Your cat and dog can get along. And, of course, you hope your new kitty and resident dog will get along. However, some human intervention may be required to get things off on the right foot.
Some cats may already be used to being around dogs and vice versa. You won't know how this particular cat and dog will get along, so it's best to play it safe and keep them separated until you are around to supervise.
You should set up a safe place for your new cat before you bring her home. Let her get comfortable in her safe space and then let her get used to the rest of your home before you introduce her to your dog.
When you think your new cat is comfortable in her safe place, allow her to explore the rest of the house without your dog there. Let her get used to your home and start to feel that this is her territory.
The more comfortable and familiar with her new territory she is, the easier it will be for her to handle a potentially stressful situation, such as meeting your dog for the first time.
When it seems that your new cat is comfortable in the rest of the house, it's time for her to meet your dog. Make sure this visit is supervised and that your dog is on a leash. It's essential that your dog knows basic obedience and is under control for the first meetings.
One of the best ways for your cat and dog to first meet is when your cat is on a high surface that your dog cannot reach. Bring your dog into the room on a leash and watch out for any aggressive behavior.
If your dog seems to be doing OK, but your cat seems nervous or threatened, it's time to let her retreat to her safe haven until she gets a little more comfortable and seems willing to try meeting your dog again. But if things seem to be going OK, you can let your dog walk around (on leash at all times).
As long as your dog is on a tight leash, your new cat can approach your dog if she wants and can also have an escape route. Make sure she can get easily back to her safe space.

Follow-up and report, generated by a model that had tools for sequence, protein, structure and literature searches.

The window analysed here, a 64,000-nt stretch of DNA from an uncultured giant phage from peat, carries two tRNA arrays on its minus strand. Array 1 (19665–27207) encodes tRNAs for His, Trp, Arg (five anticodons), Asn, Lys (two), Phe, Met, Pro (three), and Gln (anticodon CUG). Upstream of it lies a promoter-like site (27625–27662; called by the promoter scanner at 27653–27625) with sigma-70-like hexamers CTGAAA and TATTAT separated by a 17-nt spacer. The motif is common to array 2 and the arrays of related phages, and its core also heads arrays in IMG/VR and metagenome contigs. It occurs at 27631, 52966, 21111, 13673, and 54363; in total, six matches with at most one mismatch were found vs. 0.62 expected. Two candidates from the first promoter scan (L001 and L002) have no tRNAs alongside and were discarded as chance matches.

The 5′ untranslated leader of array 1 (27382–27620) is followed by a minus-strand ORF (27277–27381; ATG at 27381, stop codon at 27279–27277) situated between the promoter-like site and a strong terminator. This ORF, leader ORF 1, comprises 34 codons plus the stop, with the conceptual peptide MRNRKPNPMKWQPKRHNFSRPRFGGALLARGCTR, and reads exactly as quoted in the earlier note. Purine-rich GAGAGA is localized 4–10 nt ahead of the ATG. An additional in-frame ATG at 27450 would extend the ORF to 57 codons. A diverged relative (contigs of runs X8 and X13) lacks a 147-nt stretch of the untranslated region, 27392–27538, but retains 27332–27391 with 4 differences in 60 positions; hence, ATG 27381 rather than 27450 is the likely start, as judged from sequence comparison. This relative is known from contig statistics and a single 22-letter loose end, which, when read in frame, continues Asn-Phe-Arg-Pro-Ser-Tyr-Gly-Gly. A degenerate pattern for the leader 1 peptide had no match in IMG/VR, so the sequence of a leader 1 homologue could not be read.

It will be normal for your dog to be curious about the newcomer, but if your dog lunges, snarls, growls, bares her teeth, or exhibits other aggressive behavior, then the animals should be separated. This behavior is considered serious enough that one local S.P.C.A. says that the cat is better off being returned to the S.P.C.A. I hope this isn't the case for you, but it's always best to do whatever is best for your animal companions.
If your dog barks or tries to chase your cat, you should correct your dog immediately. He needs to learn right away that these behaviors are not acceptable.
On the other hand, if your new cat bats your dog on the nose as a warning, this is acceptable behavior and should not be discouraged (aahh, the advantages of being a cat). This is a sign that they are setting up boundaries and working out their relationship. It's a good thing.
Be sure to reward your cat and dog for any friendly behavior and encourage their positive interactions.
Just as when you are introducing your new cat to another cat in your home, it's important that the visits between your cat and dog are supervised and only last for about a half an hour to start (less, if things aren't going well). Then separate them until you can supervise the next visit.
Don't rush it or you could set back their progress. Use your best judgment to decide when it will be OK for your dog to be off-leash with your new cat.
Let your cat set the pace and reward them both profusely for their friendly behavior and interactions.
Although it's usually easier to introduce a kitten and dog, it's still possible for an adult cat and dog to get along. Mind you, they may not always become the best of friends, but they can learn to live in harmony.
It's recommended that you not leave a kitten under four months old alone with a dog. The kitten needs to be able to defend himself should the need arise.
Four months is a general guideline for leaving your kitten alone with your dog. If it seems to you that your five- or six-month old kitten cannot yet defend himself, then don’t allow him to be unsupervised with your dog.
Cat Names How to choose a name for your new cat or kitten.
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